In our previous COVID-19 bulletin, we discussed the importance of companies maintaining information system and data security while allowing employees to work remotely. Over the last week, as people scramble to identify trustworthy information about the spread of COVID-19, how they can protect themselves, and how they can get tested, spammers and scammers have taken advantage of vulnerable telecommuters. For example, in just the past week, media outlets have reported on the following scams:

  • Email Phishing. According to a Kaspersky study and the FTC, email phishing schemes include the use of organizations’ names that would normally seem legitimate. Such emails appear to be coming from representatives of the Centers for Disease Control and Prevention (CDC) or the World Health Organization (WHO). The emails have the CDC or WHO logos and headings or have email addresses that, in a quick glance, look to be official (such as The links in these emails may infect the user’s device with malware or even ask them to enter in an email and password for their Microsoft Outlook account.
  • Domains and Apps. There are website domains that appear to keep track of COVID-19 updates and health information. Instead, these domains prompt users to download apps to access this information. In particular, there is an Android App that, once downloaded, infects the device with ransomware and demands payment or else the data on the device will be erased. Additionally, there is an interactive infections and deaths map circulating that is being used to spread password-stealing malware.
  • Goods Delivery. While goods and supplies, such as cleaning and household supplies, are running out at local stores, there are online sellers purporting to have these items in stock. Instead, they are scams that take your payment and never deliver your ordered items. Employers, or employees in charge of supplies, should be cautious of online retailers and conduct additional research into the seller to verify legitimacy.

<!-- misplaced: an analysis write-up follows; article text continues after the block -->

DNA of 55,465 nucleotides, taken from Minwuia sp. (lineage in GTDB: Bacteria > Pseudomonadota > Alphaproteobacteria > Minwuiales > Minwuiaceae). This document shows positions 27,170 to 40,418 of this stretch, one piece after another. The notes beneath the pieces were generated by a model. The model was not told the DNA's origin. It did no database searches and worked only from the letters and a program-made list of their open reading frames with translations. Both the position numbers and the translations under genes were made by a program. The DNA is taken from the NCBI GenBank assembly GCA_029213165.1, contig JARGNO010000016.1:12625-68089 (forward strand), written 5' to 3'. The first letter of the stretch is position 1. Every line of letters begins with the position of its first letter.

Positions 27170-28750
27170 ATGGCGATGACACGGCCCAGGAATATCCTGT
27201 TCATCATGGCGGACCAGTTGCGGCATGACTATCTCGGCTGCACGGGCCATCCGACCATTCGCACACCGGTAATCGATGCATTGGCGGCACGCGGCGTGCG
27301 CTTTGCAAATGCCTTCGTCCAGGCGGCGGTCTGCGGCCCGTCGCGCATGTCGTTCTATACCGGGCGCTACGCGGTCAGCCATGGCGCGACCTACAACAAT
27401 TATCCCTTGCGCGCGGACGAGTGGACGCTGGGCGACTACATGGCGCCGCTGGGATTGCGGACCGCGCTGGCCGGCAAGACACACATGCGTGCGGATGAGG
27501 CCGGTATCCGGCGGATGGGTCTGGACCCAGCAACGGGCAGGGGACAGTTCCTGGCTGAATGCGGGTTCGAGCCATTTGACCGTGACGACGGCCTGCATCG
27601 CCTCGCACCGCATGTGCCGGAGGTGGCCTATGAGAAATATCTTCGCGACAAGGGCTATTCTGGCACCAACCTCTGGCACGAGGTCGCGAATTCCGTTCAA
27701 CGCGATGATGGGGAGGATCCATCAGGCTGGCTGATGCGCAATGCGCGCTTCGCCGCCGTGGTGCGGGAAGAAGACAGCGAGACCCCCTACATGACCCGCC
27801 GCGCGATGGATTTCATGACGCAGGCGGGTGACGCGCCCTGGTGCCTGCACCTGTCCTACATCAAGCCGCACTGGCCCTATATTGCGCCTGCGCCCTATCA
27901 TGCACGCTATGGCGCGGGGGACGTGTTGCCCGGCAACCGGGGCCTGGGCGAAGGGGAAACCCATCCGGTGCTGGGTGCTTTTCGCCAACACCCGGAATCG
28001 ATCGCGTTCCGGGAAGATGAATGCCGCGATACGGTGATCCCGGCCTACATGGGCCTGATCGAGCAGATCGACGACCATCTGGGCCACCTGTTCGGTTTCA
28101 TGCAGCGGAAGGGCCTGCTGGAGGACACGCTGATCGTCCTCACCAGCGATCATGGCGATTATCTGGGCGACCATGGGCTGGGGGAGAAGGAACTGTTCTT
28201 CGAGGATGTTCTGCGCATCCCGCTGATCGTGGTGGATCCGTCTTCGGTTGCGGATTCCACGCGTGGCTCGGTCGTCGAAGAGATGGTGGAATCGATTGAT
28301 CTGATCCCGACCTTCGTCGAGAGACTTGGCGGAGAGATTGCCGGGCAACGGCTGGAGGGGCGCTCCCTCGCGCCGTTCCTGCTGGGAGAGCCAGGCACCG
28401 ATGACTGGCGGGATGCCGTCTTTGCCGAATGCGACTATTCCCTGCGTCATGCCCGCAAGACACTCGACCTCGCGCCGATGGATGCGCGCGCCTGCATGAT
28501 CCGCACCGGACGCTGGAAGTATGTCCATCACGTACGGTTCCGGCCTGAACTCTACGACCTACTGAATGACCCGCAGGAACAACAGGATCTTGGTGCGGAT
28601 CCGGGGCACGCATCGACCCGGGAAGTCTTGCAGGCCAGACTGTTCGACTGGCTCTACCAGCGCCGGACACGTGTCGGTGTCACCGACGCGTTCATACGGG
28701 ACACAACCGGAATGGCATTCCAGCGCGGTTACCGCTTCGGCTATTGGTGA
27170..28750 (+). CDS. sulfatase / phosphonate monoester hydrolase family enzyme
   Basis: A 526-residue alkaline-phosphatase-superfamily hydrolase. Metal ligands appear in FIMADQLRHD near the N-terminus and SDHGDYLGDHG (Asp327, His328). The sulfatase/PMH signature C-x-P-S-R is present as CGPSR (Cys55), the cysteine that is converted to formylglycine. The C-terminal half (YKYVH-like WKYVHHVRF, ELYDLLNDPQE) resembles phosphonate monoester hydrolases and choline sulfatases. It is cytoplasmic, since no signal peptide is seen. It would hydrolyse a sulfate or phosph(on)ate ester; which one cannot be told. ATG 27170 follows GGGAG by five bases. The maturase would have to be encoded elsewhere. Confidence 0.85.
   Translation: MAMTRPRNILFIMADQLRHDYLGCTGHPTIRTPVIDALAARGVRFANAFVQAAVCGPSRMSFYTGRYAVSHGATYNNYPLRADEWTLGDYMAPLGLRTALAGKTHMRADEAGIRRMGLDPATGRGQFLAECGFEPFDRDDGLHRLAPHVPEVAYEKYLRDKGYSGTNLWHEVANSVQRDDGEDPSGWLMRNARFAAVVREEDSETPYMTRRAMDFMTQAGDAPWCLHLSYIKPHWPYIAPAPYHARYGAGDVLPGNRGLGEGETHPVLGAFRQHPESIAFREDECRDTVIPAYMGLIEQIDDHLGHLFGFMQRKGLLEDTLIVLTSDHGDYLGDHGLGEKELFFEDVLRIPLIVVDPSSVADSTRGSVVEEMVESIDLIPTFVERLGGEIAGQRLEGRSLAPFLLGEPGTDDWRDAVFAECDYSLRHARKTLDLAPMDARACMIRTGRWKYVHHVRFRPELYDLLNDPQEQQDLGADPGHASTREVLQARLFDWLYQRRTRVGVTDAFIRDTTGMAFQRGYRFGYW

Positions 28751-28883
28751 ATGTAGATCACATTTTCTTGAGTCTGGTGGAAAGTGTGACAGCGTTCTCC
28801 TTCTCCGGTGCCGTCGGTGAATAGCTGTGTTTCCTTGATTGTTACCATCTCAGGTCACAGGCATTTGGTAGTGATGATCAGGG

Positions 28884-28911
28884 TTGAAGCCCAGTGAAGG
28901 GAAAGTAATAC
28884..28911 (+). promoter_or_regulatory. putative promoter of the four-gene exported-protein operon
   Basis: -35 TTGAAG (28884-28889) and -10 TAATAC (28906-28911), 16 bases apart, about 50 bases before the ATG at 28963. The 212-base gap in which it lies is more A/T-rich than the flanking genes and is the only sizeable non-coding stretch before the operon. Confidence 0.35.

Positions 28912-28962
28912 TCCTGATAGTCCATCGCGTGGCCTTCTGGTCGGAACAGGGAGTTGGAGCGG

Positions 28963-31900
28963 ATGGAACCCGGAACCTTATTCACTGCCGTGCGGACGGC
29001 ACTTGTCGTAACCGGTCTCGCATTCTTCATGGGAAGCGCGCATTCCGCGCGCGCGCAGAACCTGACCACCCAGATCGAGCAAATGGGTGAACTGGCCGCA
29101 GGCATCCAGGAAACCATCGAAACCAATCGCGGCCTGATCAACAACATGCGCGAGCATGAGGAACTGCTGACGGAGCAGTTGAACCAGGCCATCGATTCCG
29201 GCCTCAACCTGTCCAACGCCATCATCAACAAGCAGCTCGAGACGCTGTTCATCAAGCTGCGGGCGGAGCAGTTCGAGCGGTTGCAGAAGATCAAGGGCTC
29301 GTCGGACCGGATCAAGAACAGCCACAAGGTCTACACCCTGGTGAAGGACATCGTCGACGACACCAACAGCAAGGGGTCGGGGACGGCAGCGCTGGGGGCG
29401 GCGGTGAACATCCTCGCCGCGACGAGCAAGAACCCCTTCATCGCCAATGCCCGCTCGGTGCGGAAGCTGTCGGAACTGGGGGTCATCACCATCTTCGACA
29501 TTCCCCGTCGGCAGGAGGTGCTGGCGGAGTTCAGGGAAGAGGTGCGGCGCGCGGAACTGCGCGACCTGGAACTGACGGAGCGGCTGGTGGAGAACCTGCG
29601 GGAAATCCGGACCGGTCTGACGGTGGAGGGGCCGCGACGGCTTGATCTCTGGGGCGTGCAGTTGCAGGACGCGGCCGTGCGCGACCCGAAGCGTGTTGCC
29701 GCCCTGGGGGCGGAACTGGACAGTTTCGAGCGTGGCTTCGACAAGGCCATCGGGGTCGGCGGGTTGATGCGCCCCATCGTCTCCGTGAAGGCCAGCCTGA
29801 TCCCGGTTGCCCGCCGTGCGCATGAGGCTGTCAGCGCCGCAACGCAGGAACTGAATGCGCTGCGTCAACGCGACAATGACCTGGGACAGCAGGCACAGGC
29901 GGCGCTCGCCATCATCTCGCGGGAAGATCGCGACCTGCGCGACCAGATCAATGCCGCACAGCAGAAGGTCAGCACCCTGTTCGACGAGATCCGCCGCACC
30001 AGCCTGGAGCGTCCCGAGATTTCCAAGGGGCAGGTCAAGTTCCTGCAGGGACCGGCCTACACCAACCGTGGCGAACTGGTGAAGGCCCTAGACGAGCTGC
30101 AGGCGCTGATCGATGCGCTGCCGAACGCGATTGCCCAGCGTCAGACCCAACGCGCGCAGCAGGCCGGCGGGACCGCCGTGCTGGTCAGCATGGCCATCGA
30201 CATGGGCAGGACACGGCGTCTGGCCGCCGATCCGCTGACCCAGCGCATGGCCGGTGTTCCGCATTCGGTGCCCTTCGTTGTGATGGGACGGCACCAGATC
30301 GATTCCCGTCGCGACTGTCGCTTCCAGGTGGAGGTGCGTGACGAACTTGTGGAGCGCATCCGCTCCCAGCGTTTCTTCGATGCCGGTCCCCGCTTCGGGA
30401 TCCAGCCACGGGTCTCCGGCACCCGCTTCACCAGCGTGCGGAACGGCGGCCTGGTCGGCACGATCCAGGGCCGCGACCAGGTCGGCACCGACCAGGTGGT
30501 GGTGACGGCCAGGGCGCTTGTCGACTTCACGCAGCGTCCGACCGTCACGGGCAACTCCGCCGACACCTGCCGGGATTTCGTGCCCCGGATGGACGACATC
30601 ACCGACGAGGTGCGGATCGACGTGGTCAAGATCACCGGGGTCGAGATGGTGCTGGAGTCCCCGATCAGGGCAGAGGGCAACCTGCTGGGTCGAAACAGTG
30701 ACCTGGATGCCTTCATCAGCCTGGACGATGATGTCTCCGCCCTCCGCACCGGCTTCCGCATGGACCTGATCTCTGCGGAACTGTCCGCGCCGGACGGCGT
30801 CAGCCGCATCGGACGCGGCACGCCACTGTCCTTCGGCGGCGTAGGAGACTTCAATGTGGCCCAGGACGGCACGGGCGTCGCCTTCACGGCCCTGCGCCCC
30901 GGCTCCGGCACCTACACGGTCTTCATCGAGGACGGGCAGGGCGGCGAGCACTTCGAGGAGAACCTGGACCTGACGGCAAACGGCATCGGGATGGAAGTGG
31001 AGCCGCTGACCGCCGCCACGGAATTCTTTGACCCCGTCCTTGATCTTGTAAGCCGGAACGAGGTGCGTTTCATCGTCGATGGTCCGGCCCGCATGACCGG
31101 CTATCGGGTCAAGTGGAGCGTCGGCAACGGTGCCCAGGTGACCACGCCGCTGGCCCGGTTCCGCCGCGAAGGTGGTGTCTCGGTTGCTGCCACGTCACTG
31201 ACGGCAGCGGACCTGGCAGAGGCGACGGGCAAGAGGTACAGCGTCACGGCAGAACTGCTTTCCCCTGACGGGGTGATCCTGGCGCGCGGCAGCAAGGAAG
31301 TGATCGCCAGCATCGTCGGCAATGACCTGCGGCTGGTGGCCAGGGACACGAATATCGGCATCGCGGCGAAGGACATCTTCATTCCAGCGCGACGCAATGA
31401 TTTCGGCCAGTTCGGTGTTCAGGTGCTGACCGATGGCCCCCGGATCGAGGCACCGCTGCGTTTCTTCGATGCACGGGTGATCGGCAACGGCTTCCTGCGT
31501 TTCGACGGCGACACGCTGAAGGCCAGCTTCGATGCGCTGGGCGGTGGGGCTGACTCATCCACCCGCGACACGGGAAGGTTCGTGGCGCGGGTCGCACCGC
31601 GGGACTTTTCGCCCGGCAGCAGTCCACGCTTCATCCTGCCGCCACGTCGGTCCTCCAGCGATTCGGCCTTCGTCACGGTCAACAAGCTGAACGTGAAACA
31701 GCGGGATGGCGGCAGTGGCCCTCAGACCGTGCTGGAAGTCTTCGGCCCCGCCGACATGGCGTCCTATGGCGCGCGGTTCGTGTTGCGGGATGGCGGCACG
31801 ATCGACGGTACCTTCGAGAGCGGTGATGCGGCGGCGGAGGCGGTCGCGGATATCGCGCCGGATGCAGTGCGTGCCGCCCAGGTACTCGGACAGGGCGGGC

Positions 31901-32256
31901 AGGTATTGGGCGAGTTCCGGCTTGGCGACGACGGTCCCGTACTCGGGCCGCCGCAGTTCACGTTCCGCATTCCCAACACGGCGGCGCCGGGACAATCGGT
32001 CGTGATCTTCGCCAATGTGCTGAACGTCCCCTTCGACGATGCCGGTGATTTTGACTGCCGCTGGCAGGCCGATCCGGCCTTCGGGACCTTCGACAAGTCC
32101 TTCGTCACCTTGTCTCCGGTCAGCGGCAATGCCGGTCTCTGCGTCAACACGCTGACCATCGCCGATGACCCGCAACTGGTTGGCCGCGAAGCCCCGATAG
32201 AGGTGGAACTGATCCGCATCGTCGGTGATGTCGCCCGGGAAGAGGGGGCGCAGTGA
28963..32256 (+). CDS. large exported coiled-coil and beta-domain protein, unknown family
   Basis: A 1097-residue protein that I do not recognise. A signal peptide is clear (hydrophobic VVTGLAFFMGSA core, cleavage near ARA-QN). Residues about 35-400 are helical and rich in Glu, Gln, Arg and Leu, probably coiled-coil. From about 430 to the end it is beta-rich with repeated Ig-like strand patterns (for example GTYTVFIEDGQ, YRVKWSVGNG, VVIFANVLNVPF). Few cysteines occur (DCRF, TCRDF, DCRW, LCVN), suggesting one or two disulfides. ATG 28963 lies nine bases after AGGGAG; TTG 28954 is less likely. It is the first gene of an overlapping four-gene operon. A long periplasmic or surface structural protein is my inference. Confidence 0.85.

• Fake Charities. As with any major event or crisis, there are scammers trying to take advantage of people’s good intentions. This can take form in fake charities or fake donation pages. The fake charity can be a completely made up organization or one that closely resembles names of established charities.

Providing vigilant information security practices for workers both onsite and off is more important than ever to guard against bad actors eager to exploit a global crisis. Companies of all shapes and sizes should incorporate the following into their information security policies and practices:

  • Employees should have secure home networks. Open Wi-Fi networks at home continue to expose companies to risk. Open networks allow anyone to connect to the network and potentially access the employee’s devices, including company-owned hardware that contains sensitive information. As the FTC recommends, employees need to make sure their router has WPA2 or WPA3 encryption enabled.
  • Employees must secure laptops and sensitive files. While moving equipment and files from the office to the home, employees must make sure their laptop and files remain safe. It can be easy to lose a file or forget to lock the computer while moving out of the office or just sitting at home. If possible, sensitive files should remain on the secure company-owned laptop. Hard drives and thumb drives should be avoided due to the ease in which they can be lost or contain malware. If your company must use thumb drives, then encryption must be available and used.To provide some perspective on the importance of such encryption, simply encrypting a drive may remove any duty to report the loss of that drive as a “breach” under most state laws. That is no small thing! Considering the shifting priorities of companies in this challenging economic environment, dealing with a breach is surely not in the budget and may mean the end of a business.
  • Employee laptops and devices should be updated regularly. Updates are important to correct vulnerabilities in the software. These updates may run automatically or manually, and employees should take steps to make sure their devices are up to date.

Finally, as we discussed in our previous bulletin, there is inevitably a feeling to move fast. Indeed, these feelings and tendencies are being exploited as described above. Be sure that your organization slows down to understand the benefits, risks, and impact of any information security policy. Being aware of the threats is a good first step. As we often say, you do not have to outrun the bear, just the next business that is might be less aware than you.